The supply of electric cars continues to grow. There will soon be something for all tastes and budgets, from the Dacia Spring to the Porsche Taycan Turbo S. However, for the moment, well-known models are the most popular electric cars.
The Tesla Model 3 leader in Europe in February 2021
Thus, according to the EV Sales blog, which lists sales of electric vehicles (EVs) and plug-in hybrids (PHEVs), the Tesla Model 3 took first place in the ranking of connected car registrations (xEVs) in Europe in February. 2021.
With a total of 5,506 registrations, the American sedan is ahead of the compact Volkswagen ID.3 (3,808 registrations) and the Renault Zoe city car (3,620 registrations), yet positioned in segments with higher volumes in Europe. Model 3 sales benefit in particular from recent developments made to the 2021 model and the new pricing policy.
The monthly classification of registrations fluctuates a lot. The health crisis, the shortage of semiconductors and the recent blockage of the Suez Canal make predictions for the months to come all the more difficult. For EV Sales, the Model 3 should however retain its first place in March, Tesla’s deliveries in Europe arriving in “waves” concentrated on the end of quarters. This is also the reason why the Model 3 did not even appear in the top 20 registrations of connected cars in Europe in January.
The Peugeot e-208 leader in France in February 2021
In France, in February 2021, the Peugeot e-208 (1,484 units) took the lead in the classification of electric car registrations, again according to EV Sales. It is followed by the Tesla Model 3 (1,166 units) and the Renault Zoé (1,075 units).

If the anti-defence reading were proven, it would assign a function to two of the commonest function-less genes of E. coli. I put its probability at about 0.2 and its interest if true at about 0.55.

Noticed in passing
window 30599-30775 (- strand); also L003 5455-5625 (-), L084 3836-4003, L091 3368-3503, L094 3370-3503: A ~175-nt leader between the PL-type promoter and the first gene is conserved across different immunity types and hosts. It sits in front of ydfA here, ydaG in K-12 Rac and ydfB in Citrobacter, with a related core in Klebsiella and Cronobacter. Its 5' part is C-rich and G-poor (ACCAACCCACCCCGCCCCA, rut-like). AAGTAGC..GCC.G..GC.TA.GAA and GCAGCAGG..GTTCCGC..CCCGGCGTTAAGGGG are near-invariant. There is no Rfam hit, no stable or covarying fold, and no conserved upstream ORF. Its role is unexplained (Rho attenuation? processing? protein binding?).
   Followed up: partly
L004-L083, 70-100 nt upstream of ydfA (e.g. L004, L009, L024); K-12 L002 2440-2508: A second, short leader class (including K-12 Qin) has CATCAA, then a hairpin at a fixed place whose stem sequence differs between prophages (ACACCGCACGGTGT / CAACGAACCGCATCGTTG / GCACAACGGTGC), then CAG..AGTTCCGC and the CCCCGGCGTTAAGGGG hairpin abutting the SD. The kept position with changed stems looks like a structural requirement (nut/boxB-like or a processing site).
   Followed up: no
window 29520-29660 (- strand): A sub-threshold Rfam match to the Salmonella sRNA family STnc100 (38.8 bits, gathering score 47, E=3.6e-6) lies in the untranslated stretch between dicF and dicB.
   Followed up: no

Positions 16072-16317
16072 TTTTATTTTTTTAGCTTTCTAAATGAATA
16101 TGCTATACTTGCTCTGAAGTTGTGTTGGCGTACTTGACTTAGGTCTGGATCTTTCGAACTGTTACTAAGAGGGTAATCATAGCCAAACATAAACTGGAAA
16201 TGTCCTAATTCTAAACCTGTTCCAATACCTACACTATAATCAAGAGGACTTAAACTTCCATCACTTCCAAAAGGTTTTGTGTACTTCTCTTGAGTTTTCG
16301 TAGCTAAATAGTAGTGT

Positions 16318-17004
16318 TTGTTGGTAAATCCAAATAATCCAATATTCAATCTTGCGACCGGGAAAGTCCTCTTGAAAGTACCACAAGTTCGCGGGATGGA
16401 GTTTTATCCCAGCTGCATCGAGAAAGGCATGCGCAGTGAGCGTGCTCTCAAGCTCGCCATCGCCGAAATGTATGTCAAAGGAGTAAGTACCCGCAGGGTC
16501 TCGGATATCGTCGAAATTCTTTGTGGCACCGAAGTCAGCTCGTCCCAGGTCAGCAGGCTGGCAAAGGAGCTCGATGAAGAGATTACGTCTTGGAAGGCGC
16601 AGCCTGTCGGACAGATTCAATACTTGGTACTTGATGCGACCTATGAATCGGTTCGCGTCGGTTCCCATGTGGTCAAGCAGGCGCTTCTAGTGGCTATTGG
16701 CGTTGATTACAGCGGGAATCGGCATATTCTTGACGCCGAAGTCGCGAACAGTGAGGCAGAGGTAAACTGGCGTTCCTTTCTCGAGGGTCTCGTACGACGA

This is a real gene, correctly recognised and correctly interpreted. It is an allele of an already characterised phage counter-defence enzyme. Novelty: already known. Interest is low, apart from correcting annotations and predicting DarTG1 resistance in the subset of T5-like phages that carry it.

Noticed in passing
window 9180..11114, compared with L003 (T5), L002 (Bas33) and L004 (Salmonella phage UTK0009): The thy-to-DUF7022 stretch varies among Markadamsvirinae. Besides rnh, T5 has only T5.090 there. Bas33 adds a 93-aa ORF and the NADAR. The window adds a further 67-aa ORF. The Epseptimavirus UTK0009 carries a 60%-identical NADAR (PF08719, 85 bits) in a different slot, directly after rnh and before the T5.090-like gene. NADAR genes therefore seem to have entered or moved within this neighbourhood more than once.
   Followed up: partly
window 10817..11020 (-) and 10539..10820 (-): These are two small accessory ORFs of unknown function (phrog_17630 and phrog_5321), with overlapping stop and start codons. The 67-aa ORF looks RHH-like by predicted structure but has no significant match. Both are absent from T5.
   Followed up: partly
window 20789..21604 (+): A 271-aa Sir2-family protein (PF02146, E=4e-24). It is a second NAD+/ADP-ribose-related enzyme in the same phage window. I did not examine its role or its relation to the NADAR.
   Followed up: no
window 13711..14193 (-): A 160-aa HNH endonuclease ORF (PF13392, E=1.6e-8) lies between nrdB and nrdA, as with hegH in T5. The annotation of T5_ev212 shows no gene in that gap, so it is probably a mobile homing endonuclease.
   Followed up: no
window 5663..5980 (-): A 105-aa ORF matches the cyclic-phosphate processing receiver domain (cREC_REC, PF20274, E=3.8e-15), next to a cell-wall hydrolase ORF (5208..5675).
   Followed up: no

Plug-in hybrids on the rise
Now, sales of plug-in hybrid cars are higher than those of 100% electric cars in Western Europe. Thus, according to Schmidt Automotive Research, plug-in hybrid cars constituted 8.4% of registrations in February, against 6.5% for electric cars, in the 18 markets observed by the analysis firm.
The evolution of sales of electric and plug-in hybrid cars directly reflects European regulations, and in particular the CAFE regulations on CO2 emissions from cars sold in the EU. Thus, connected cars, particularly advantageous in the calculations of greenhouse gas emissions, reached 25% of the market share in Western Europe in December 2020. Indeed, some manufacturers have registered cars en masse. low CO2 emissions at the end of last year to achieve their CO2 targets for 2020.
On a European scale, the main sellers of plug-in hybrid cars are premium manufacturers, such as BMW, Mercedes and Volvo. In France, the classification of registrations is however led in February by the Peugeot 3008 Hybrid, Renault Captur E-Tech Plug-in and Citroën C5 Aircross Hybrid.